Tuesday, April 12, 2005

Krugman on Ailing Health Care

My thanks go to Ed Parkhurst, Chuck Kleber, and Milton Hinshaw, each of whom called to my attention Paul Krugman’s column of April 11, 2005 entitled Ailing Health Care. Krugman is a liberal economist whose columns appear regularly in the New York Times.

The column dealt with rising costs, the uninsured, the reluctance of politicians to raise taxes, and the “wildly inefficient” U.S. health care system.

Krugman predictably leans towards governmental solutions and suggested that we need to shed “….the ideologically driven belief that government is always the problem and market competition is always the solution.”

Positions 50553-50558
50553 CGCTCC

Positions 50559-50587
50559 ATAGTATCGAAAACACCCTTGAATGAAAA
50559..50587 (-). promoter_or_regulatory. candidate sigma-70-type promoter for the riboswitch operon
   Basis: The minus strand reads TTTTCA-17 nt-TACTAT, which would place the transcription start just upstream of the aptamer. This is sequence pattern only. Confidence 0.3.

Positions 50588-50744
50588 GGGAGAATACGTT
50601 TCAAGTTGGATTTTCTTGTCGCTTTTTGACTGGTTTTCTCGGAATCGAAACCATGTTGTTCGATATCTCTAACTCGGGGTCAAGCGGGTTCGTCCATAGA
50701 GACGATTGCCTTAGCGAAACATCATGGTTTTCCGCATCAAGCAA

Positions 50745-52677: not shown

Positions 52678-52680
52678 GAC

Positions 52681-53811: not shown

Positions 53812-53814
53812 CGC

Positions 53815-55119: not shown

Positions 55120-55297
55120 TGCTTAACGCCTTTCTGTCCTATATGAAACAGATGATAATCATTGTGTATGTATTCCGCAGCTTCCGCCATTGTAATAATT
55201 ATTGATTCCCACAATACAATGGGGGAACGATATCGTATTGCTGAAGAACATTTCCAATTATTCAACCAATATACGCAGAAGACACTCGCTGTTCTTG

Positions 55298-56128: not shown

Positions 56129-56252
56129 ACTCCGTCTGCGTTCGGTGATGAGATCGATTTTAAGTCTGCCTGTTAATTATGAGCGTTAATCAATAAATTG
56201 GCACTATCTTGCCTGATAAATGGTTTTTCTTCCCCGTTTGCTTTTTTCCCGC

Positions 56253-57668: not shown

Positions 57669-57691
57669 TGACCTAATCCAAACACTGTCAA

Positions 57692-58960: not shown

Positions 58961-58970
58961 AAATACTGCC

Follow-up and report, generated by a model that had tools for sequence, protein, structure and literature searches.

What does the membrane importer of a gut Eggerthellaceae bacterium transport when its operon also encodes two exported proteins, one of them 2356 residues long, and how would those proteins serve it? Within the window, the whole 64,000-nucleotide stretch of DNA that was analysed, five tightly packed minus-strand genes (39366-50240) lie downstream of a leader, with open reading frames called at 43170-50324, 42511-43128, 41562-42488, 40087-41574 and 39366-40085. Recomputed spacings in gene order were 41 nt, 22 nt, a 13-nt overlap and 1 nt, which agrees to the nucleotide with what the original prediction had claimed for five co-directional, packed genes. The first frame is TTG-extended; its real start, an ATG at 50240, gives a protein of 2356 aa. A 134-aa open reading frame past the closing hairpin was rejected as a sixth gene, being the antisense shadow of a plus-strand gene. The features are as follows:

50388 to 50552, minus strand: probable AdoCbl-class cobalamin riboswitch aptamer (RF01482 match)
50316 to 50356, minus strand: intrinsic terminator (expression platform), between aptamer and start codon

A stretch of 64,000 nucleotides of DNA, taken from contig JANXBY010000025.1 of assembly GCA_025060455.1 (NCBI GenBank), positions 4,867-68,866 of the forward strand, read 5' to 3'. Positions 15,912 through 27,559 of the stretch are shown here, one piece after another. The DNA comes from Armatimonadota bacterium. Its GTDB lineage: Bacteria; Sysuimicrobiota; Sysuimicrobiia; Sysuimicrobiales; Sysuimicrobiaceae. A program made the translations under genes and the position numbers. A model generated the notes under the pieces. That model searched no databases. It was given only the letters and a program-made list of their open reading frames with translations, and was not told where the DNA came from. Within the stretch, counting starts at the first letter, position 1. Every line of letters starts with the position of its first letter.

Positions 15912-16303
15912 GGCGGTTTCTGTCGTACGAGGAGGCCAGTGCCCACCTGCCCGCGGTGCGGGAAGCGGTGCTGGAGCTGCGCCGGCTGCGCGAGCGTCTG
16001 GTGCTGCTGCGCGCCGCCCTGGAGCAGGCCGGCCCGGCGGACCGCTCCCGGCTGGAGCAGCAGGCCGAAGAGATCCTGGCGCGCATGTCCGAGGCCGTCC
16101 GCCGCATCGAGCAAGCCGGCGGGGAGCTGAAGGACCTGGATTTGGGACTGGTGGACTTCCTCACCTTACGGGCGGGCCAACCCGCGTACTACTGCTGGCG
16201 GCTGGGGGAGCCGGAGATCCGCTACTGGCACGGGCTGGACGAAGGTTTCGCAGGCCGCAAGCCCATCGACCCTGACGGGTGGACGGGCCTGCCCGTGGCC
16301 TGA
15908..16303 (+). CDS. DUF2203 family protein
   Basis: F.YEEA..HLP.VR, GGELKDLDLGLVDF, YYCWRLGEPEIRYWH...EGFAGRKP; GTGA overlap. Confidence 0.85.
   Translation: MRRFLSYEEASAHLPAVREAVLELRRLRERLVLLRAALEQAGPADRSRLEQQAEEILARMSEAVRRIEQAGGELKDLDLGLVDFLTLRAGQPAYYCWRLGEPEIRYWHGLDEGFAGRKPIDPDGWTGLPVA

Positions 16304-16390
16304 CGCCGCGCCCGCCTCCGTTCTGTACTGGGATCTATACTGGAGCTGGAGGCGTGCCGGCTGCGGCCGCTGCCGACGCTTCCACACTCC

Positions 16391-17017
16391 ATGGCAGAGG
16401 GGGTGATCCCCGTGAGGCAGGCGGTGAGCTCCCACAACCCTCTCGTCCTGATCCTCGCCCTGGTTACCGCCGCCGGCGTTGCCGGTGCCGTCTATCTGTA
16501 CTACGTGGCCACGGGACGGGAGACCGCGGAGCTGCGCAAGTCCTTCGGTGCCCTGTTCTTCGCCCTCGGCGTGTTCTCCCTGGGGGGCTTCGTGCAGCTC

I (together, no doubt, with a few thousand others) sent him an e-mail. This is what I said:

“Effective reform involves a lot more than shedding preconceptions about public versus private solutions.

In our system of providing health care services, nobody is in charge. Until that is fixed, reform will be slow and difficult.

The health care professions are organized according to a sort of medieval guild system. That inhibits the efficient utilization of manpower and needs to be diluted.

Systems – as contrasted with individuals - play an ever-increasing role in modern health care. The excessive independence we grant to health care professionals stands in the way of improving systems and, therefore, needs to be markedly reduced.

And those are just for starters.”

This page is powered by Blogger. Isn't yours?

FREE counter and Web statistics from sitetracker.com